Gamal Noman/AFP/Getty Images
An injured Yemeni pro-government demonstrator is helped away as pro-regime supporters on February 15, 2011, waded into an anti-government protest in the capital Sanaa with stones and batons, sparking violent clashes that were ended by police wielding electric tasers, witnesses said.
Inspired by Tunisia’s overthrow of its longtime president and Egypt’s historic ouster of President Mubarak, a tide of revolt is now sweeping the Middle East. Pro-democracy protesters are rallying for reforms in Iran, Bahrain, Yemen and beyond. “The world is changing,” President Obama said this morning in a message directed at autocratic rulers across the region. On Monday, Bahraini youths held a “Day of Rage,” demanding the release of political prisoners and other reforms. In Iran, opposition protesters and security forces clashed, leaving one person dead and dozens injured. President Obama blasted Iranian authorities for shooting and beating protesters trying to express themselves peacefully and called on governments throughout the Middle East to avoid violent crackdowns. Is more peaceful change coming to the region? Or will authorities in conservative nations tighten their grip?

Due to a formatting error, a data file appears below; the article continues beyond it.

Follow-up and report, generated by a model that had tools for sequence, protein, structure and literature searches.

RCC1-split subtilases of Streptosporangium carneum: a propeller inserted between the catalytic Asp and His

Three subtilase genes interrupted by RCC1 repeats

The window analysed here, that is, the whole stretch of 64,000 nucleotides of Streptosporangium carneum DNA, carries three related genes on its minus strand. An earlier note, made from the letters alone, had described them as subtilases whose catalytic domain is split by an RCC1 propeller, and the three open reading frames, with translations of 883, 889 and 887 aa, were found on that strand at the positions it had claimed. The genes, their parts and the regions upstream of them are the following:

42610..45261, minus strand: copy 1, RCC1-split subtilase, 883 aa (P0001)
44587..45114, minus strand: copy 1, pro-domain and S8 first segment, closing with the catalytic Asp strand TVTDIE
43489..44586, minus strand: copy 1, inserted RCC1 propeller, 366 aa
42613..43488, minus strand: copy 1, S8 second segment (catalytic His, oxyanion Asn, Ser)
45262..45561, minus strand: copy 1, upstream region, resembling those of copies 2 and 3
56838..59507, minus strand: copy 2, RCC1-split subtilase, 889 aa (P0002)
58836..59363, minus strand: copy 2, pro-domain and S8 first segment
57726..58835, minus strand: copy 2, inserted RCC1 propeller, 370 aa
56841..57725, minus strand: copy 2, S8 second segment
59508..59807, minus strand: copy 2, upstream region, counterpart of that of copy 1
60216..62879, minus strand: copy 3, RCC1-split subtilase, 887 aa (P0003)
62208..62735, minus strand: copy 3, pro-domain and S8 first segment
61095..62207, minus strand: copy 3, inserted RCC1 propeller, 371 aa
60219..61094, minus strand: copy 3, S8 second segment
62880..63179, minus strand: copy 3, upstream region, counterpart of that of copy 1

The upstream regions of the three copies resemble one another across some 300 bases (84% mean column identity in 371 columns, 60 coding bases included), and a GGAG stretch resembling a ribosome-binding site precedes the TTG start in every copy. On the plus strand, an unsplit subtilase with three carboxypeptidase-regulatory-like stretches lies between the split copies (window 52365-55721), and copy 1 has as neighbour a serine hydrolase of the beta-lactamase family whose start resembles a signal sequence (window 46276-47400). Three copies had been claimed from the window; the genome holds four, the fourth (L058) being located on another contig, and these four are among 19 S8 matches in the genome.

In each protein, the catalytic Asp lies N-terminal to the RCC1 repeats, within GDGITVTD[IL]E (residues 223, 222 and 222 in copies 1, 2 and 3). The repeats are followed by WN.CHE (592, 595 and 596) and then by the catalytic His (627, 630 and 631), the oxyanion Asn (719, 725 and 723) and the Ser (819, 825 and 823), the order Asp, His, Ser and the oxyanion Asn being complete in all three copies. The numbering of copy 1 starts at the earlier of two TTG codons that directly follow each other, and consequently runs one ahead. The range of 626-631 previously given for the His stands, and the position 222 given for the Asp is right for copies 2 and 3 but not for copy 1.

Michael Slackman, reporter for the New York Times currently in Bahrain
Borzou Daragahi, Middle East correspondent and Beirut bureau chief for the Los Angeles Times